|Edward Frederic Benson (1867-1940)|
| "Henry James died in 1916. I had been to Rye once or twice since the first visit I paid him there, staying with an old friend Lady Maud Warrender in her house at Leasam...a mile outside the town."
"With Henry James's death I supposed that Lamb House itself would concern me no more, but in the preordained decrees of fate..., it began at once to concern me more closely."
|"The house was let to an American lady, and she, being obliged to winter in the South, left her housekeeper there, and...a...friend of mine...asked me to share his tenancy. I had war work to do in London, but|
|a morning train there on Monday and an afternoon train back to Rye on Friday gave me week-ends in the house which I had imagined I should never enter again. Lamb House began faintly to assume a home-like aspect... The remainder of the lease was offered to me: I could not take it, for I was already co-lessee of the Villa Cercola at Capri..., but this offer seemed a sort of nudge, an aside, on the part of Fate, to indicate that she was attending, and meant that Lamb House was coming nearer. I passed the offer on to a friend of mine, who accepted it.|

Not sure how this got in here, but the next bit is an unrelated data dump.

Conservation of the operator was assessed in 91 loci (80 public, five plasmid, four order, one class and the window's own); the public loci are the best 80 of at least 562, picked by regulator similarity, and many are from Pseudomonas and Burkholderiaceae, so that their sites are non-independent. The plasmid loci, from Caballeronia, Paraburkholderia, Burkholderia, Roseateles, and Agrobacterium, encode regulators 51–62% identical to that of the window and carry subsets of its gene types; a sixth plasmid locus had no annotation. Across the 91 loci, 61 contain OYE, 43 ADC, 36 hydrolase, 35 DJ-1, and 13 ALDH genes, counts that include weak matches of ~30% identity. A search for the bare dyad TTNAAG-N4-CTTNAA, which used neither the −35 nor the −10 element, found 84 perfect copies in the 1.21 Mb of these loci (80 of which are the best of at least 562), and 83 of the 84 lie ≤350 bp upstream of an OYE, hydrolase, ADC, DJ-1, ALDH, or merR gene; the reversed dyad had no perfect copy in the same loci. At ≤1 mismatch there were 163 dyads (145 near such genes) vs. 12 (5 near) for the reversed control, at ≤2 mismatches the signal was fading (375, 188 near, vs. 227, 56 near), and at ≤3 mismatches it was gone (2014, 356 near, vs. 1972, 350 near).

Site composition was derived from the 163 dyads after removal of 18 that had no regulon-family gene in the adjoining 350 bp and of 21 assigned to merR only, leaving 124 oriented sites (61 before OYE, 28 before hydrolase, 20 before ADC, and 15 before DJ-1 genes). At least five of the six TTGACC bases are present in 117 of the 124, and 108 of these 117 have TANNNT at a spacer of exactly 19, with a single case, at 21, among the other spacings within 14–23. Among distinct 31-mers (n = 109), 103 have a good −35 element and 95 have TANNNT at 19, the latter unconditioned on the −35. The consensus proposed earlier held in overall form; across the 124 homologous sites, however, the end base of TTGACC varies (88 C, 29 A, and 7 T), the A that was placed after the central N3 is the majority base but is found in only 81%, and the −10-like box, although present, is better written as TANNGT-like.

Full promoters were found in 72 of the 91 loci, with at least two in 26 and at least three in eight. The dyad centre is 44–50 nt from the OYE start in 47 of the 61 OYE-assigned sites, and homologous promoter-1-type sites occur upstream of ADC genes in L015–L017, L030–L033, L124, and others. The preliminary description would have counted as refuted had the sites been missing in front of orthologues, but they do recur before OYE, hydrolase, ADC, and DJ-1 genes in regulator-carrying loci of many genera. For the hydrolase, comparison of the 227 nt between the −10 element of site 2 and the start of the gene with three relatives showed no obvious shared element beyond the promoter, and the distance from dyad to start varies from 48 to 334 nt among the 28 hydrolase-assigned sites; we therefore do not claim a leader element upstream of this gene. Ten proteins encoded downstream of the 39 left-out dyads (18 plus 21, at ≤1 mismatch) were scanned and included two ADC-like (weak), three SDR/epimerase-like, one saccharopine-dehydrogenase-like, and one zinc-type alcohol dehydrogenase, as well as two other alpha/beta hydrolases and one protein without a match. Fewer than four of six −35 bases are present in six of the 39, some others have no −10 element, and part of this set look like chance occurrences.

|. . . Simultaneously [to the lease in Capri being terminated], Tremans was given up and my friend, to whom I had passed on Lamb House wanted...to spend his winters on the Riviera. Would I therefore consider taking a sub-lease from October til the end of March? I did not require much time for consideration." (from Final Edition by E.F. Benson, 1940, pp.141-143 in the 1988 Hogarth reprint)|
|Once Elizabeth Mapp was set up "behind the curtains of the Garden Room, spying on her friends," and Rye became Tilling . . . perhaps "another preposterous woman, Lucia of Riseholme, who already had a decent and devout following, and who was as dominant as Mapp, might come into contact|
|with her some day... I began to invent a new set of characters who should revolve round these two women, fussy and eager and alert and preposterous. . . . But one had to get a firm hold of Elizabeth Mapp first. Lucia I knew." (Benson, pp.162-163)|
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